Exploring the idea of protected and pure milk as nourishment from which a child can arise, Olds introduces the threat of tainting milk. In her poem "Why My Mother Made Me," the mother gives her own cream, the uppermost and richest part of milk, which becomes her new child. However, that gift of cream passes through the "sour steel grater" of her father. As the cream which forms the persona passes through the grater, it becomes tainted with the qualities of the other parent. Yet the tainting leaves the basic underlying formulation of the rich gifts from the mother untouched. The tainting, or flavoring, gives the "cheese" some character by adding impurities which pervade all the cream. The result is the child who becomes "a big woman, stained, sour, and sharp, / but with that milk at the center of my nature" (Olds 33). The "meat" or center of womanhood, the cream, has not changed. Only the character of that woman has changed. Thus the line, "Maybe ... what she always wanted, / my father as a woman," correlates the cream with the center of femaleness and the pervading personality of her father. In a sense, the milk has been transformed into a different form by tainting it with impurities.

On another track, Morrison explores the issue of the loss of milk, and Sethe demonstrates the determination and maternal instinct to nourish children. Corresponding to the loss of the ability to nourish, the loss of milk prevents the mother from providing nourishment, love, and protection to her children. When men assault Sethe, her replies underscore her most significant loss; "they took my milk" (Morrison 11). The loss of milk impairs Sethe's ability to nourish her family. Trying to take joy in baking the bread to nourish her family, Sethe is determined to provide sustenance for her young. Because of her impaired ability to give affection and tenderness for her child, Sethe feels miserable eating the burnt biscuits that she baked. The bread, the work of laborers, cannot fully replace the naturally occurring nourishment from Sethe's breasts. Although bread's ability to nourish is equivalent, the affection, love, and purity are lacking. The loss of her natural ability to nourish, love, and protect her family distresses Sethe. Yet, the loss of milk does not stop Sethe, driven by her maternal instincts, from trying to nourish and sustain her family.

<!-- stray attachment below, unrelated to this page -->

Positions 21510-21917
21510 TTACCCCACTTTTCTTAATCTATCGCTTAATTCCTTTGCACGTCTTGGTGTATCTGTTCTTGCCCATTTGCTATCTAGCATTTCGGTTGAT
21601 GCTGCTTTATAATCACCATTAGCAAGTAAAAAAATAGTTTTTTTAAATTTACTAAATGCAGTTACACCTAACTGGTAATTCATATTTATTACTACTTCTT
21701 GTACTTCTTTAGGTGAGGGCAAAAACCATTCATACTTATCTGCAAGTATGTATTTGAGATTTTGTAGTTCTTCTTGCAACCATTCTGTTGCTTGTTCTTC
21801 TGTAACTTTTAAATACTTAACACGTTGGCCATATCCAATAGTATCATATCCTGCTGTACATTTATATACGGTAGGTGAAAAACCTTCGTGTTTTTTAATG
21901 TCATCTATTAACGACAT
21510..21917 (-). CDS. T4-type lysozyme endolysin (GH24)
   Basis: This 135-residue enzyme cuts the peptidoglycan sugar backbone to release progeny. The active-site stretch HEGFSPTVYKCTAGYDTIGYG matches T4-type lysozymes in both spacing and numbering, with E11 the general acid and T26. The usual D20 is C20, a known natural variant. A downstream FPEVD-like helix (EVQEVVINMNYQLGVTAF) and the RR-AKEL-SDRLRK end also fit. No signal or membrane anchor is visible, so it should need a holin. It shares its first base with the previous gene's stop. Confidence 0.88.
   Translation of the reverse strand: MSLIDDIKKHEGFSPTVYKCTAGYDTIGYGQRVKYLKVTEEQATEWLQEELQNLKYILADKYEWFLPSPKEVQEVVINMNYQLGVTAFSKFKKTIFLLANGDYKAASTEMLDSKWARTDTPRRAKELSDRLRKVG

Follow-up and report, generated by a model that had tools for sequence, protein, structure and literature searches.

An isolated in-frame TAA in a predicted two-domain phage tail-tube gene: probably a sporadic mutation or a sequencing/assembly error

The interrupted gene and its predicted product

On the other end of the spectrum, Morrison examines the obsession with giving milk and maternal love, creating a limiting paradox where the love for a child becomes tainted. Denver later notes that Beloved attracts the attention, love, and milk of her mother. "Beloved lapped devotion like cream" (Morrison 243). The cream of the milk, the richest part of milk, manifests the devotion of Beloved, thus implying that little is left for her other daughter Denver. Sethe places more and more energy into the reincarnation of her lost daughter Beloved. Her love and powers to love and nourish are, like her milk, limited. Beloved seems to be getting more of that devotion than Denver. However, that same cream which nourishes Beloved originated from the same obsession with protecting Sethe's children and keeping them safe and happy. Morrison illuminates the gray line between natural motherhood and the obsession with nourishing and protecting the child when Beloved is again killed. Sethe explains that she does not want her children to suffer her woes as a slave. The maternal instinct to protect and thereby keep her children pure, become paradoxically entangled with the killing of the child, thus tainting the cream and white purity of milk.

Further stretching to the outer limits of love and its analogy with milk, Morrison directly juxtaposes milk with blood, thereby tainting it. Sethe kills her daughter Beloved, and thus blood is spread all over the scene. After she is prevented from killing her baby daughter, Denver, she tries to nurse her baby, implicitly emphasizing her motherly love for her baby. Yet, Baby Suggs, the proprietor of 124, is outraged at the sight of Sethe trying feed her baby while blood covered her nipples. Rage stems from nourishing Denver with milk tainted with red blood. That blood from the murder of Beloved formed the pool in which Baby Suggs falls. Just as the sour grater tainted the cream which formed the person in "Why My Mother Made Me," the blood from infanticide taints Sethe's milk. In a way, Denver is feeding on the horrid crime. Suggs tries to prevent the tainting of Denver's purity but fails. The maternal love, manifested by white pure milk, becomes red with blood as extreme circumstances pressure Sethe to make the dreaded decision that death is the only remaining option for the protection of her child's purity.

As milk takes on the roles of purity and the nurturing affection of mothers, the parents take on critical responsibilities. Their purity and nurturing love influences their child directly, and even deviations induce manifold changes within a child. Through the images of milk, the authors emphasize the barriers present to raise a child in the sustaining and loving fold of the family. Impure thoughts and desires tempt those charged with the rearing of children. Judgment convolutes our senses of protection and sends us to the borders of sanity. Each human vice eats away at the protection around the precious milk and each human flaw tries to stop the delivery of pure, loving, and nourishing hot milk to the soul of each child.

Morrison, Toni. Beloved. Plume, 1987.

Olds, Sharon. The Gold Cell. 14th printing. New York, Knopf, 1987.